CONCLUSION

CRC in pregnancy is a rare disease but one that may be life-threatening. Prognosis is usually poor due to delay in the diagnosis, as early symptoms are confused with symptoms common in pregnancy. The key to improved survival is early diagnosis and treatment, which demands a high suspicion for this disease among clinicians caring for gravid women. The pregnant woman should actively participate in the decision-making process.

Abbreviations

CA 19-9 – carbohydrate antigen 19-9, also called cancer antigen 19-9

CEA         – carcinoembryonic antigen

CRC        – colorectal cancer

CT           – computed tomography

MRI        – magnetic resonance imaging

TNM       – tumour, node, metastasis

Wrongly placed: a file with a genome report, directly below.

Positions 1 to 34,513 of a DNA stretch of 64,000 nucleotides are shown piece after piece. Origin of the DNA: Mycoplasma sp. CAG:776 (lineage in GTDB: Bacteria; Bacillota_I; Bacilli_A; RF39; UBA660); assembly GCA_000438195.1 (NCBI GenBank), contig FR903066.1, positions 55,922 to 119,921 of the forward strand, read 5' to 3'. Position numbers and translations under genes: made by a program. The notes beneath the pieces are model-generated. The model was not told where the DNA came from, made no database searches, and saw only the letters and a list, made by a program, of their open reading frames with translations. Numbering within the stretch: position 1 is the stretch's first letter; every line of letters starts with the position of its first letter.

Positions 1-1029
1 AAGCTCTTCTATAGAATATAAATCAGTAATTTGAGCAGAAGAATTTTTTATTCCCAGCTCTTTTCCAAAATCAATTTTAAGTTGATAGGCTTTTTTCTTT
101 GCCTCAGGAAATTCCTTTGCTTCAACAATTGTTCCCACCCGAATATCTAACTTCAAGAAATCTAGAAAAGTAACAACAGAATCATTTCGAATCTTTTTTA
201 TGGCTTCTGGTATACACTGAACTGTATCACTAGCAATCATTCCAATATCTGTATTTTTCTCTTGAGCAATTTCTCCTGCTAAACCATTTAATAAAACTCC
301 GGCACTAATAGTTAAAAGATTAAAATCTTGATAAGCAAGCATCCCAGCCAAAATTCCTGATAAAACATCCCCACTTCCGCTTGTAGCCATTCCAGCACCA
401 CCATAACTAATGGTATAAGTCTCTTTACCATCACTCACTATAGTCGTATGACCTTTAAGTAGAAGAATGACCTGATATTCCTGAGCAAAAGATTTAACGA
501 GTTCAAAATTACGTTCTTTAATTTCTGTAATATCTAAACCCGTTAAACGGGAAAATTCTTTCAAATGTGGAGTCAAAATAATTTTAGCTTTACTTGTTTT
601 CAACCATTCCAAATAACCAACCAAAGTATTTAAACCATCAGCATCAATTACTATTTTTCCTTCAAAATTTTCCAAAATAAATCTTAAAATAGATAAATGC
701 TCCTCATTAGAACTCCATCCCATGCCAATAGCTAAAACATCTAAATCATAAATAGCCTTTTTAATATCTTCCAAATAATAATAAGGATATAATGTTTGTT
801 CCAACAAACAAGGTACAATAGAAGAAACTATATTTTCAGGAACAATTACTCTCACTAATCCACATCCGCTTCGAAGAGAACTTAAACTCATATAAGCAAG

Conflict of Interests

The authors declare that they have not conflict of interest in connection with the emergence of and that the article was not published in any other journal.

Petr Kocian, MD, Ph.D.

Department of Surgery, 2nd Faculty of Medicine,

Charles University in Prague and Motol University Hospital

V Uvalu 84

150 06 Prague 5

email:petr.kocian@fnmotol.cz


Zdroje

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14. Pentheroudakis G. Gastrointestinal, urologic and lung malignancies during pregnancy. In: Surbone A, Pecccatori F, Pavlidis N, et al. Cancer and pregnancy. Berlin, Springer-Verlag, Berlin Heildeberg 2008;137−64.

15. Brent RL. Radiation teratogenesis. Teratology 1980;21:281−98.

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19. Nesbitt JC, Moise KJ, Sawyers JL. Colorectal carcinoma in pregnancy. Arch Surg 1985;120: 636−40.

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24. Martin DD. Review of radiation therapy in the pregnant cancer patient. Clin Obstet Gynecol 2011;54: 591−601.

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Štítky
Chirurgie všeobecná Ortopedie Urgentní medicína

Článek vyšel v časopise

Rozhledy v chirurgii

Číslo 4

2015 Číslo 4